Thursday, January 19, 2017

Follicular Lymphoma: When to Treat?

OncLive has a great series called "Peer Exchange."  It's a series of videos on different cancer-related topics with a group of experts in the area. Their most recent one is called "Evolving Paradigms for B Cell Non-Hodgkin Lymphoma," and it starts off with a discussion of Follicular Lymphoma. The first video in the series is called "Follicular Lymphoma: Triggers to Initiate Therapy."

The series has some great oncologists, and the one who does most of the talking in this first video is Dr. Leo Gordon from Northwestern University and the Lurie Cancer Center in Chicago. He is asked to talk about what triggers therapy -- when do patients need to start treatment?

Interestingly, he starts by saying he still takes a watch-and-wait approach with most of his patients. (As many of you probably know, there's an ongoing debate about whether or not to watch and wait, or whether to just start with treatment like Rituxan right away. As a watch-and-waiter, I'm always interested in what experts have to say about this.

Dr. Gordon favors watching and waiting because, he says, there is no evidence that treating earlier leads to better survival rates. He makes the decision to begin treatment based first on B symptoms (things like night sweats or fevers) that suggest a more aggressive version of FL, or size of lymph nodes. However, he will consider smaller lymph nodes if they are pushing on something important. (This is what happened to me -- a fairly small but well-placed node near my hip was blocking things and making my leg swell up.)

Once the decision is made to treat, there are options, including Rituxan, R + chemo, and other, newer options (he mentions Lenalidomide, or R squared). As for chemo, CHOP has been historically the most popular, but Bendamustine seems to have become the new standard. Interestingly, he mentions that his main concern with Bendamustine is the lack of long-term follow-up, and he worries about long-term side effects, something that came out at ASH this year.

Dr. Gordon also suggests that targeted treatments may replace chemotherapy. He mentions a Swiss study (which doesn't sound familiar to me) that suggests that Rituxan and Rituxan Maintenance are bringing improved disease-free intervals in FL patients.

The "Peer Exchange" series doesn't publish all the videos at once, but instead puts out a new one every few days. As I'm writing this, they have posted the second and third videos in the series -- "Follicular Lymphoma: Consolidation and Maintenance" and "Sequencing Therapies for Follicular Lymphoma." You can find thumbnails for them underneath the main video. There is also a transcription for each video.

I'll look at the next videos in the series soon. I'm always interested in sequencing therapies -- figuring out which treatment to try first, but then which to try second and third, if necessary. (I always like to plan ahead.)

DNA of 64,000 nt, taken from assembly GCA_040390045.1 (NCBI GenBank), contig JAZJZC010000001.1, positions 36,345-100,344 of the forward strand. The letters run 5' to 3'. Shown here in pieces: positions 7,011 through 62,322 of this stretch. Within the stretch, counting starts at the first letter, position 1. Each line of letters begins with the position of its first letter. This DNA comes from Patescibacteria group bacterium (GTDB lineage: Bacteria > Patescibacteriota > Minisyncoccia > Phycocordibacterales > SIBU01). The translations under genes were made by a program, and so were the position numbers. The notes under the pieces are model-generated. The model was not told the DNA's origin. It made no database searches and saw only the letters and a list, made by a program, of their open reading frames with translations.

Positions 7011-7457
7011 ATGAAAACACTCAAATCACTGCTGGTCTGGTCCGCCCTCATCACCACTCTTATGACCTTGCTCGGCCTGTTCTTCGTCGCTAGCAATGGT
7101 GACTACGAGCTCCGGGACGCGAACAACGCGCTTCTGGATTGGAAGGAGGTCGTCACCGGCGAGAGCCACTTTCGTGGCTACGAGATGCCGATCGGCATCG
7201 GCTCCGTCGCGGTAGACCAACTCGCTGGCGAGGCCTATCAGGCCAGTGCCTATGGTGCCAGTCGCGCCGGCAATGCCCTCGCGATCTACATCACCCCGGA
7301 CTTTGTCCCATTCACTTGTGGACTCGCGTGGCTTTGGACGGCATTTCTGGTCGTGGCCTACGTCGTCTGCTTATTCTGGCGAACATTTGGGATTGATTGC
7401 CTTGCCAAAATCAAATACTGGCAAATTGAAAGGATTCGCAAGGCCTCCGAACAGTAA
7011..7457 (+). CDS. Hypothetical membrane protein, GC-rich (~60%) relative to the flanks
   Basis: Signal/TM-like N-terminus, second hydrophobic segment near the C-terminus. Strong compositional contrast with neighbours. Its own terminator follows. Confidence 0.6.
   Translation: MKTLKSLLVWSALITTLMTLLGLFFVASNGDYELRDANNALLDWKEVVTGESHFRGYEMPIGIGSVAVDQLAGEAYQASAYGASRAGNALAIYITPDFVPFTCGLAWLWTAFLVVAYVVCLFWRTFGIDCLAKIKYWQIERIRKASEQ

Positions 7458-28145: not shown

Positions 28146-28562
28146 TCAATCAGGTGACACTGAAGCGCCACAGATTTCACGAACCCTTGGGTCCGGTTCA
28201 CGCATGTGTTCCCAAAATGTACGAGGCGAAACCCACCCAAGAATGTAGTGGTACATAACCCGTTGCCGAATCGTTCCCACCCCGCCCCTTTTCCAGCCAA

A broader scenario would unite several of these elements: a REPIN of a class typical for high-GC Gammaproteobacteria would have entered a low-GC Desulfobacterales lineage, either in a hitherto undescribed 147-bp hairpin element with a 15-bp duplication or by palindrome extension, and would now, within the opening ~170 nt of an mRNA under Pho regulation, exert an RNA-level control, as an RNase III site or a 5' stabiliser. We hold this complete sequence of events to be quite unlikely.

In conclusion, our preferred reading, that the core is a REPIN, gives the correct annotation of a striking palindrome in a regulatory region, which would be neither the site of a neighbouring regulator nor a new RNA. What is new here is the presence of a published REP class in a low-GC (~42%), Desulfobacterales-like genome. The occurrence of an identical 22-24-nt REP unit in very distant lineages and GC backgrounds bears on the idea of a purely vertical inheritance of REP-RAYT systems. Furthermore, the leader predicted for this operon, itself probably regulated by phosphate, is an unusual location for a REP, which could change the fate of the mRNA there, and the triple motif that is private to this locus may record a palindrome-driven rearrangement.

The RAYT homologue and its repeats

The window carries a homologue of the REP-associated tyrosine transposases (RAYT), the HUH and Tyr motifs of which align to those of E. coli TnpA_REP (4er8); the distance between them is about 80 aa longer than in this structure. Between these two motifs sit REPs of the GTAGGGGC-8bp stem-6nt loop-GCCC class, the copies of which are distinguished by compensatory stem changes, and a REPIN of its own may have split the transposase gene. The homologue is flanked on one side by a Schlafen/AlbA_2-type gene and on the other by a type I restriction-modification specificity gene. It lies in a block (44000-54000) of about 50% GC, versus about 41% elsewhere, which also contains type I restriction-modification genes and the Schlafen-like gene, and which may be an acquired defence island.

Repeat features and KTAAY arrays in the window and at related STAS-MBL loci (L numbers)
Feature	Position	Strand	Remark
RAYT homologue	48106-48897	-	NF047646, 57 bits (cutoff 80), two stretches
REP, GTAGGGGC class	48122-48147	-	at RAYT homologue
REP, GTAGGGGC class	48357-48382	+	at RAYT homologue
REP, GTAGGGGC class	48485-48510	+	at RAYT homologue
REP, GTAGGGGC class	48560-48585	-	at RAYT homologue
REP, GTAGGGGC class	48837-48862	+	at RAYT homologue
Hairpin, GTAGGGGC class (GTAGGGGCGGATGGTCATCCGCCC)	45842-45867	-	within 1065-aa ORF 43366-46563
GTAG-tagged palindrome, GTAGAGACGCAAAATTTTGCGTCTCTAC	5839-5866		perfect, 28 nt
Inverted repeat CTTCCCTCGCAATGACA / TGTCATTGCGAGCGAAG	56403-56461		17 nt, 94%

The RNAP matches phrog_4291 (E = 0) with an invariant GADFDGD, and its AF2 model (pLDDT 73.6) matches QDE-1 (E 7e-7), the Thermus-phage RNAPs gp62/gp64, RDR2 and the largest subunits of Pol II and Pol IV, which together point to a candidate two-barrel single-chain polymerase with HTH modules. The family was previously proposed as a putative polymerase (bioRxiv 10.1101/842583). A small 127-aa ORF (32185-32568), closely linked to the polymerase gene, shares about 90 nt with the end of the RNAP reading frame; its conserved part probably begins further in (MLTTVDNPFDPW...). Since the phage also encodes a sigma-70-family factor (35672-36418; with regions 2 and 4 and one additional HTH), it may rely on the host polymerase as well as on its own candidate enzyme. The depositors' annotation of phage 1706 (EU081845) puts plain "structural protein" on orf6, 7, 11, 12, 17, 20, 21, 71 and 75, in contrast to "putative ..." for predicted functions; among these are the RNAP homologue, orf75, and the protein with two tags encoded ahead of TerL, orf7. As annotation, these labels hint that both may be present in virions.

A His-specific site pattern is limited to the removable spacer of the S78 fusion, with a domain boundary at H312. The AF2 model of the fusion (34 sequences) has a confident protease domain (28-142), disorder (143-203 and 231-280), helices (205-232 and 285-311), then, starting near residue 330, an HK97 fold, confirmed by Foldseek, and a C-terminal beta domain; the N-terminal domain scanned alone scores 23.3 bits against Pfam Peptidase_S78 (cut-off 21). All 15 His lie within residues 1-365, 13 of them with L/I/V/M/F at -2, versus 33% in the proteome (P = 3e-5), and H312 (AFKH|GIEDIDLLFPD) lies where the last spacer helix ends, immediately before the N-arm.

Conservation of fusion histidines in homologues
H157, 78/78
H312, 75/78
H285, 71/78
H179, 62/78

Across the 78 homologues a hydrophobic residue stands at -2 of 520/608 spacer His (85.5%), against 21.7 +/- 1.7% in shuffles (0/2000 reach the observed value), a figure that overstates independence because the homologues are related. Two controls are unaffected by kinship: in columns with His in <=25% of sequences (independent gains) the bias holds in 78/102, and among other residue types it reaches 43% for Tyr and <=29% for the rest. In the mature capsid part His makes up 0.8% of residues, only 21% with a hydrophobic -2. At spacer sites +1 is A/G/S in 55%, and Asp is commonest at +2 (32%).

So more on this soon, though I also encourage you to watch them on your, too.

prolonged disease-free intervals in patients getting Rituxan alone - See more at: http://www.onclive.com/peer-exchange/nhl-treatment-paradigms/follicular-lymphoma-triggers-to-initiate-therapy#sthash.Z6G3r2WD.dpuf

Sunday, January 15, 2017

9 Years

Today is my diagnosiversary. I was diagnosed with Follicular Lymphoma 9 years ago today.

That means it's also the 7th anniversary of my first Rituxan treatment.

And, as always, I get a little reflective on my diagnosiversary. I think about where I have been and where I might be going. Bear with me.

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I've been wrestling with a Big Question for 9 years now:  If getting cancer changes us, then who is it that we become?

Does cancer define who I am now? Am I Bob the Cancer Patient? Bob the Survivor? Bob the "Hero"?

Or is cancer just the thing that changes us, like a car that we drive to a new place. And now once we are here we can just leave it behind?

I guess that's possible (leaving it behind) for lots of cancer patients. But maybe not so much for someone with an indolent, incurable cancer. I didn't get a Complete Response 7 years ago. The Rituxan knocked it back, but there was still some showing up on the scan. And I haven't had a Complete Response for any of the scans I have gotten since then. As far as I know, I have always had at least a little cancer in me, for 9 years (at least).

I have thought about my cancer every day for 9 years, without exception. Not just cancer. My cancer.

Cancer has been a part of me, physically and mentally, for 9 years.

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I write a lot. (Am I Bob the Blogger? Bob the Writer? Bob the Cancer Nerd?)

Not just the blog -- I write lots of other stuff, too. A couple of weeks ago, I came across an article that talked about creative writing -- fiction and poetry, stories and poems -- and how non-fiction (basically, stuff that isn't made up, like this blog) is not really valued by people who do "creative writing." Whether or not I agree with that article isn't important (and if you're really curious, the article is here, though you don't need to read it to get what I'm saying).